On Thursday, Sept. 4, 1952. I became one of 11 black students and 274 white students to attend a public Delaware high school. Delaware was the first state to initiate school desegregation, two years ahead of the Brown v. Board of Education ruling, and I was in the middle of it.

Grandma Dyson prepared her handful of black students who would be going to the all-white Claymont High School, along with us so that they would know what to expect and to adjust better. I never realized just how important that was and how valuable she and my parents were to that important 1954 decision called Brown v. the Board of Education.

When Grandma Dyson retired a few years later, she was named Woman of the Year. I hope that the little one-room schoolhouse on the top of the hill is still there. It should be a state monument. It will be in my heart forever.

For those who need a refresher course, in accepting the 11 black students to enter an all-white Claymont High School, Mr. Harvey E. Stahl, Claymont’s superintendent of schools, defied state law and changed the course of United States history.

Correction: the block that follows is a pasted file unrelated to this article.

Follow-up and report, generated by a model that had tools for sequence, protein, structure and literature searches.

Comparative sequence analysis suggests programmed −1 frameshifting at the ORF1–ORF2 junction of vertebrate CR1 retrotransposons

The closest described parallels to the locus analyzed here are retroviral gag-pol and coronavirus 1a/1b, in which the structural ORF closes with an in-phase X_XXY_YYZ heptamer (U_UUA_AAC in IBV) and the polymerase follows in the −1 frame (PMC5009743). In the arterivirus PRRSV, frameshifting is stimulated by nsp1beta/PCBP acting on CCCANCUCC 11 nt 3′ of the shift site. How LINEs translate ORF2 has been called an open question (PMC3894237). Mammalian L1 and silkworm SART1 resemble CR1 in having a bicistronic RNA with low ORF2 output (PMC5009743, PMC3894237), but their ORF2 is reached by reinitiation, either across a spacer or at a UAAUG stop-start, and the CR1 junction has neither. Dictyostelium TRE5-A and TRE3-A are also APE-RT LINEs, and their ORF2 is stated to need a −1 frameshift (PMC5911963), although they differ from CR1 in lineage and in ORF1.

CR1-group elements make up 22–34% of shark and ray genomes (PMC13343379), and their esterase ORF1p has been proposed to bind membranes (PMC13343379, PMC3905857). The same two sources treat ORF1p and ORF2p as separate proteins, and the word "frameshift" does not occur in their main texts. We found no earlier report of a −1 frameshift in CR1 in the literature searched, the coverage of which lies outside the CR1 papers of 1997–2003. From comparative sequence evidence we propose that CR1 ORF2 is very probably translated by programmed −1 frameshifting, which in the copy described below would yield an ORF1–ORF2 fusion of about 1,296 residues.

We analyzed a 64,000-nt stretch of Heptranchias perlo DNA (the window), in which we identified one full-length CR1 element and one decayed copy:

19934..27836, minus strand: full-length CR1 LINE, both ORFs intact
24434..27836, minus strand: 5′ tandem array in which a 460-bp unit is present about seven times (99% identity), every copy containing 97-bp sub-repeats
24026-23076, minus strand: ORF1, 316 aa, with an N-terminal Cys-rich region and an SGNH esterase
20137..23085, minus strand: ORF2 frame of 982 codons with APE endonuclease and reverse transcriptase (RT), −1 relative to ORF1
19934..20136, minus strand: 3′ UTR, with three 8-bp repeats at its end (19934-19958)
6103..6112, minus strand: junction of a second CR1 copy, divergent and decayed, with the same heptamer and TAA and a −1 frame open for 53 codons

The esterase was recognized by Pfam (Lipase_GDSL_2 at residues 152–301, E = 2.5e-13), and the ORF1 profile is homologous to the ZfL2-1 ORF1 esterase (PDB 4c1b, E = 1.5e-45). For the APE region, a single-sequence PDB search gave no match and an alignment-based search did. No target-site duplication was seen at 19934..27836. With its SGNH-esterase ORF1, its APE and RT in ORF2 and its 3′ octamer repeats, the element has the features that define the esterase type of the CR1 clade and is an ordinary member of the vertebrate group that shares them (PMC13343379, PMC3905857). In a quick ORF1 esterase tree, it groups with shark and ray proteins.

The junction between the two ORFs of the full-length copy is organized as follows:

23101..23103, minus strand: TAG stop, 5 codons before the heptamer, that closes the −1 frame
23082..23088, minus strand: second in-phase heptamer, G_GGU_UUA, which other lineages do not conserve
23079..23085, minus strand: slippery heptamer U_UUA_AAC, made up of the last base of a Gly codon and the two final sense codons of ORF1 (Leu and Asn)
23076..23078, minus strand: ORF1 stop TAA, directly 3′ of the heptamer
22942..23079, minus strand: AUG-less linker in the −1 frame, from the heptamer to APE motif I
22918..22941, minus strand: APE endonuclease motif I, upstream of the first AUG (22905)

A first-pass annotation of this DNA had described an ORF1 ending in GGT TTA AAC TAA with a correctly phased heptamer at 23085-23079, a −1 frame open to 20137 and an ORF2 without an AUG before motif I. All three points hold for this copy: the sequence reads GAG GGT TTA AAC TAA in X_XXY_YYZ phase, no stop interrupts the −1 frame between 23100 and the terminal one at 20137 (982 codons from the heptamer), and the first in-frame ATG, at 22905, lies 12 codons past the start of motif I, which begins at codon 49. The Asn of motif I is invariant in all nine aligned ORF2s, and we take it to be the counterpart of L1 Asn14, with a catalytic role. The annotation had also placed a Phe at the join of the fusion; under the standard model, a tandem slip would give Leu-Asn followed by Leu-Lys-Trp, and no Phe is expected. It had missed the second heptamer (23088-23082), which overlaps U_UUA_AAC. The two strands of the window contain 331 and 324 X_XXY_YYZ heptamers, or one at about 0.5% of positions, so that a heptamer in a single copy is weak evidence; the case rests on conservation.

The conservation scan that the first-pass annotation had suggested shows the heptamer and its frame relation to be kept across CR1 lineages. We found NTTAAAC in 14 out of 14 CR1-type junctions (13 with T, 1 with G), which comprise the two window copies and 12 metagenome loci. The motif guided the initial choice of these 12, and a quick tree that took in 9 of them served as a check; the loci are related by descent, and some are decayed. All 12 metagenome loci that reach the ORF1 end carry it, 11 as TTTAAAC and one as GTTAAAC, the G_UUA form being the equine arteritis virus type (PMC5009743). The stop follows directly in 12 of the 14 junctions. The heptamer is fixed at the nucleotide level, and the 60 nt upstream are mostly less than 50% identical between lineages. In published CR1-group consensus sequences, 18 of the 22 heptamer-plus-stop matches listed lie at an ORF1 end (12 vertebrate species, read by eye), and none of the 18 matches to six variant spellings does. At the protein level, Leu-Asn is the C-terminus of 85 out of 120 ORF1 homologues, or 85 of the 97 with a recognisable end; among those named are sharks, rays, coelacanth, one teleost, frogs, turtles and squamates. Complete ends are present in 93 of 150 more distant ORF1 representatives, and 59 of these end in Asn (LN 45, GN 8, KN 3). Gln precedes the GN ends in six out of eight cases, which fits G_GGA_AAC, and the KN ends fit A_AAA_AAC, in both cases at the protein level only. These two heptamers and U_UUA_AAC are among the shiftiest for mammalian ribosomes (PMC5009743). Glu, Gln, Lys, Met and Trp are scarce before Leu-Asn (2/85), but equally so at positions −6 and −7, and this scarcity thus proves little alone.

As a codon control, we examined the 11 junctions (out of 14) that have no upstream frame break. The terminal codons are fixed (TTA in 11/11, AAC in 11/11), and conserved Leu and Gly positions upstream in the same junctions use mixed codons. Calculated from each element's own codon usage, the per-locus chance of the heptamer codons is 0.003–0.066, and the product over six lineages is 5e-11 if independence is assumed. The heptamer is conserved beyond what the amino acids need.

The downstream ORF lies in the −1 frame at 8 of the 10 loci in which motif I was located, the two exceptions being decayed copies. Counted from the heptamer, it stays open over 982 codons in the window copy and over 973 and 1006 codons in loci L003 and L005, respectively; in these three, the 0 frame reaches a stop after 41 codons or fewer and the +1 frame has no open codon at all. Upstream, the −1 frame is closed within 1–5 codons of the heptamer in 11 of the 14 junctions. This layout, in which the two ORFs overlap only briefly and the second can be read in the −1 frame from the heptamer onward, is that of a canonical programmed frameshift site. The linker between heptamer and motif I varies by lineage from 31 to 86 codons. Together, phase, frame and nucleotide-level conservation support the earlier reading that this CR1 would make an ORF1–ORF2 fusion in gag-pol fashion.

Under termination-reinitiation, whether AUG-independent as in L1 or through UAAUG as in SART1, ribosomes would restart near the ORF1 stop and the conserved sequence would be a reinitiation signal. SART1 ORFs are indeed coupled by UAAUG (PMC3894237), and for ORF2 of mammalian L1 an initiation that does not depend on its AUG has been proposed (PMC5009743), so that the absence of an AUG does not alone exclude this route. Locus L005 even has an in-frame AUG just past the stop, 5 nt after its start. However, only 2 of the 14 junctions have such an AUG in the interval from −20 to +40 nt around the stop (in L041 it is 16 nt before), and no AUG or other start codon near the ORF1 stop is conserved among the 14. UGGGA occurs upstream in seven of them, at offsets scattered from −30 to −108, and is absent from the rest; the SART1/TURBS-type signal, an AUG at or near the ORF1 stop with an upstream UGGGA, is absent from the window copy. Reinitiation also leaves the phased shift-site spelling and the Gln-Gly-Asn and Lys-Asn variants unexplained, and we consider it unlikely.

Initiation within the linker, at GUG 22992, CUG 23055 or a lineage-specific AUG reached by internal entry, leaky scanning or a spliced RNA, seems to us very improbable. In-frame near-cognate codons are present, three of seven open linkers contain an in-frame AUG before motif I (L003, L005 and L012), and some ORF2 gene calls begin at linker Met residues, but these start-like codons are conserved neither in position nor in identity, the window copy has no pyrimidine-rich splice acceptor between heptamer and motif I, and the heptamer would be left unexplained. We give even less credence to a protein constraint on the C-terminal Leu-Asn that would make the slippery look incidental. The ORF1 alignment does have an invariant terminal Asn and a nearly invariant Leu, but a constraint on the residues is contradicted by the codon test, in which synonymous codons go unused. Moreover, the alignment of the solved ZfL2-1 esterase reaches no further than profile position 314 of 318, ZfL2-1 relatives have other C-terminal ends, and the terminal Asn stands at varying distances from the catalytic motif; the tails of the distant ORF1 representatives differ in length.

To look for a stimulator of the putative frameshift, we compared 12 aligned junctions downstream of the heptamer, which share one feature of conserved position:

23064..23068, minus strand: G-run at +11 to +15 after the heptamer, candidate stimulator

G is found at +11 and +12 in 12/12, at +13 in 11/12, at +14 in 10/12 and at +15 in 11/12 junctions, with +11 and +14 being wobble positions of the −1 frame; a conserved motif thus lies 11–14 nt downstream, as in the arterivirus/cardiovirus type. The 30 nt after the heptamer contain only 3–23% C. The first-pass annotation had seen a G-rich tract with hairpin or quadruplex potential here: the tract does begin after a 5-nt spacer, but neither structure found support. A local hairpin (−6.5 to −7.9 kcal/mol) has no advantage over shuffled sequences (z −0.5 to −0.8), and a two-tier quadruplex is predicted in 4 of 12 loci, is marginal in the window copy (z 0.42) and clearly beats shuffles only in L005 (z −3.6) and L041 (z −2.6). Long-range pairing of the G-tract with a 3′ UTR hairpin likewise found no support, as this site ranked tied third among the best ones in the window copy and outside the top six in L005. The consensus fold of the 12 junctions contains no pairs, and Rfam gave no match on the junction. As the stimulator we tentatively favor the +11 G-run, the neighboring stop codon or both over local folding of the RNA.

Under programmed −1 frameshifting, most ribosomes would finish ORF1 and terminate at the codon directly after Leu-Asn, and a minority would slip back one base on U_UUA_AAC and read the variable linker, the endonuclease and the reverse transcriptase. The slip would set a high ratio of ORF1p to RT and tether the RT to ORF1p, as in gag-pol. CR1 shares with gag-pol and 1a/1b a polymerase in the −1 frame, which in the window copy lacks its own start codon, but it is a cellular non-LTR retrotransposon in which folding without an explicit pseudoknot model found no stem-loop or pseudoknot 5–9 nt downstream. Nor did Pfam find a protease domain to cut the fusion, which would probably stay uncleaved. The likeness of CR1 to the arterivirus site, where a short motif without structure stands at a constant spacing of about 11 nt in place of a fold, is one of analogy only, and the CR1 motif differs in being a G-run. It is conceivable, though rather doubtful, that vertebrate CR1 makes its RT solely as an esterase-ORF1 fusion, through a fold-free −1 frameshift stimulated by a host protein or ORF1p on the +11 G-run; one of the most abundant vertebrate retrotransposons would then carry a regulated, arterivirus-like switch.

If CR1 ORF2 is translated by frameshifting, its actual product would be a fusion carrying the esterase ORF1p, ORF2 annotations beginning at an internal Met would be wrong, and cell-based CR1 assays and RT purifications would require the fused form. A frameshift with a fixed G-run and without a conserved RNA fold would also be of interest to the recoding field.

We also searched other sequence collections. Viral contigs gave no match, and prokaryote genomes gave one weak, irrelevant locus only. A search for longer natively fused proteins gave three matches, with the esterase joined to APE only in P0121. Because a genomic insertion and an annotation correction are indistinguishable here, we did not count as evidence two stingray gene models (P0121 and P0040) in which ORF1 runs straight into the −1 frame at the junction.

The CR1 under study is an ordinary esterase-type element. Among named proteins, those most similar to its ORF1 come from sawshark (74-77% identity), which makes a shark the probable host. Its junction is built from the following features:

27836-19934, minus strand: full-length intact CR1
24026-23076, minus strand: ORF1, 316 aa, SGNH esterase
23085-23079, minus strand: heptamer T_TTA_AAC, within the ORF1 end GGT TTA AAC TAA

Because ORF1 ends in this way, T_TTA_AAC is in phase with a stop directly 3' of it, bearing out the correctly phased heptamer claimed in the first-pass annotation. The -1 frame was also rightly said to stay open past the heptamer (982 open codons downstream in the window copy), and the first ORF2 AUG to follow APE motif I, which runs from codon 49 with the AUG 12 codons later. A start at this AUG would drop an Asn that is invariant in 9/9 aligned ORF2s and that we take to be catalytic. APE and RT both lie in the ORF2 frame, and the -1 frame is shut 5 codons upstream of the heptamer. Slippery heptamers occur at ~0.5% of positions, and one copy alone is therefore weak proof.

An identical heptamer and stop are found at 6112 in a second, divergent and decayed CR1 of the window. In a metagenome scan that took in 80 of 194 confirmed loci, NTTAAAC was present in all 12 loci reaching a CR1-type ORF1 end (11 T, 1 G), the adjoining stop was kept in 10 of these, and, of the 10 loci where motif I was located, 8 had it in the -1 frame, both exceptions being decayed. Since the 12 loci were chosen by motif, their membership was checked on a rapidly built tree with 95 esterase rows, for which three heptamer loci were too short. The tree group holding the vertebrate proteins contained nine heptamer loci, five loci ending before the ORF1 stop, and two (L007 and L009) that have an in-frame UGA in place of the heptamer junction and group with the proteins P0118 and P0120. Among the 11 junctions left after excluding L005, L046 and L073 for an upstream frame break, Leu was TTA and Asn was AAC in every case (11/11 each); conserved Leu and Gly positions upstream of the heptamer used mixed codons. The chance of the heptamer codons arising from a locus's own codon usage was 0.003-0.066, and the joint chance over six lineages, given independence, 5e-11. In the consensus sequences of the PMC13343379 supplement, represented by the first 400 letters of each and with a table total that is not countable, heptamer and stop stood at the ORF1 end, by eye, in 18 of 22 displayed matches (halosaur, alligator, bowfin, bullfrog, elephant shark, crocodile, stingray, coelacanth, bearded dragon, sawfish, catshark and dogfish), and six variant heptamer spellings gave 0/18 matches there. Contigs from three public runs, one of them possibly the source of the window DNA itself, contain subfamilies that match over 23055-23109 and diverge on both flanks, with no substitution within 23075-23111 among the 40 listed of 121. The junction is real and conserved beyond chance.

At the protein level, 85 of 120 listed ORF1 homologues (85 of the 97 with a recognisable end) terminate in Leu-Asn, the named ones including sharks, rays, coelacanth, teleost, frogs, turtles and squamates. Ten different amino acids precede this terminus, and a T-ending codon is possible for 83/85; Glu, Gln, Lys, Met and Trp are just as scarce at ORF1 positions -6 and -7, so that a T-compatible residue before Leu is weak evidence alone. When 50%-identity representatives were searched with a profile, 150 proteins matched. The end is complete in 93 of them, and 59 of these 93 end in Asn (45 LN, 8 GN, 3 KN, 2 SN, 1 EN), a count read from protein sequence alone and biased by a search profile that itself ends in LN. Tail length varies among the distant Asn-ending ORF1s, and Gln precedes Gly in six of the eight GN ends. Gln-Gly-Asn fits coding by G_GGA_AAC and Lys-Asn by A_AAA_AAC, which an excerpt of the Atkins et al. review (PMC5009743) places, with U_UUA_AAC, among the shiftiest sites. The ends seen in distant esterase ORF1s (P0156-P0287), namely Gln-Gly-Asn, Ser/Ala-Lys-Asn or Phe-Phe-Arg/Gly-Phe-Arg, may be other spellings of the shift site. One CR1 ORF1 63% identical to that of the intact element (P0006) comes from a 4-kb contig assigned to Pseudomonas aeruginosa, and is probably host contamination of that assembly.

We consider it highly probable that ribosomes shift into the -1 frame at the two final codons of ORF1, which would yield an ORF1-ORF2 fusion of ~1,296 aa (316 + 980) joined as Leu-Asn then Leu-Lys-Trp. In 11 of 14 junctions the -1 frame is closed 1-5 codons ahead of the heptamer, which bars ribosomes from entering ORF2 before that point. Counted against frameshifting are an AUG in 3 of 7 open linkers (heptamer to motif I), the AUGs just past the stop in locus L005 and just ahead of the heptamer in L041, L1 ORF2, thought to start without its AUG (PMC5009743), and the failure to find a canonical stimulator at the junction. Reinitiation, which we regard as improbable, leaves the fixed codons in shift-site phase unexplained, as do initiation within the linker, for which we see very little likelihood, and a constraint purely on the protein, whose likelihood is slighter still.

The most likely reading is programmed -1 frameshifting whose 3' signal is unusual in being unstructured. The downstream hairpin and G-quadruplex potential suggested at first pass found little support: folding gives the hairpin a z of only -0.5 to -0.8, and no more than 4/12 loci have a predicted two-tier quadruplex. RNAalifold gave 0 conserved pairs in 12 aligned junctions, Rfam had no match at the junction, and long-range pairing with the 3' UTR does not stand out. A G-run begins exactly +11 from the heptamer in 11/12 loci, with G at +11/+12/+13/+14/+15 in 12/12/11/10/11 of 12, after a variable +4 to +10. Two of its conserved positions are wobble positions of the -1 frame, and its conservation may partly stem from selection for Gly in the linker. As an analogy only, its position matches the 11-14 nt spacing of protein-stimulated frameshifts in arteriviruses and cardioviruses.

Mr. Stahl refused to allow H. Albert Young, the attorney general for the state of Delaware, to expel the black students, believing that the decision had been made and the damage to the students would be too great if they were now not allowed to stay at Claymont. He also truly believed that every student in his school district deserved an equal education. The attorney general took him to court. The attorney general lost. We won and we stayed.

When Brown v. Board of Education went to the Supreme Court, Thurgood Marshall, future Supreme Court justice, argued that school segregation was a violation of individual rights under the 14th Amendment. He also asserted that the only justification for continuing to have separate schools was to keep people who had once been enslaved “as near that stage as possible.”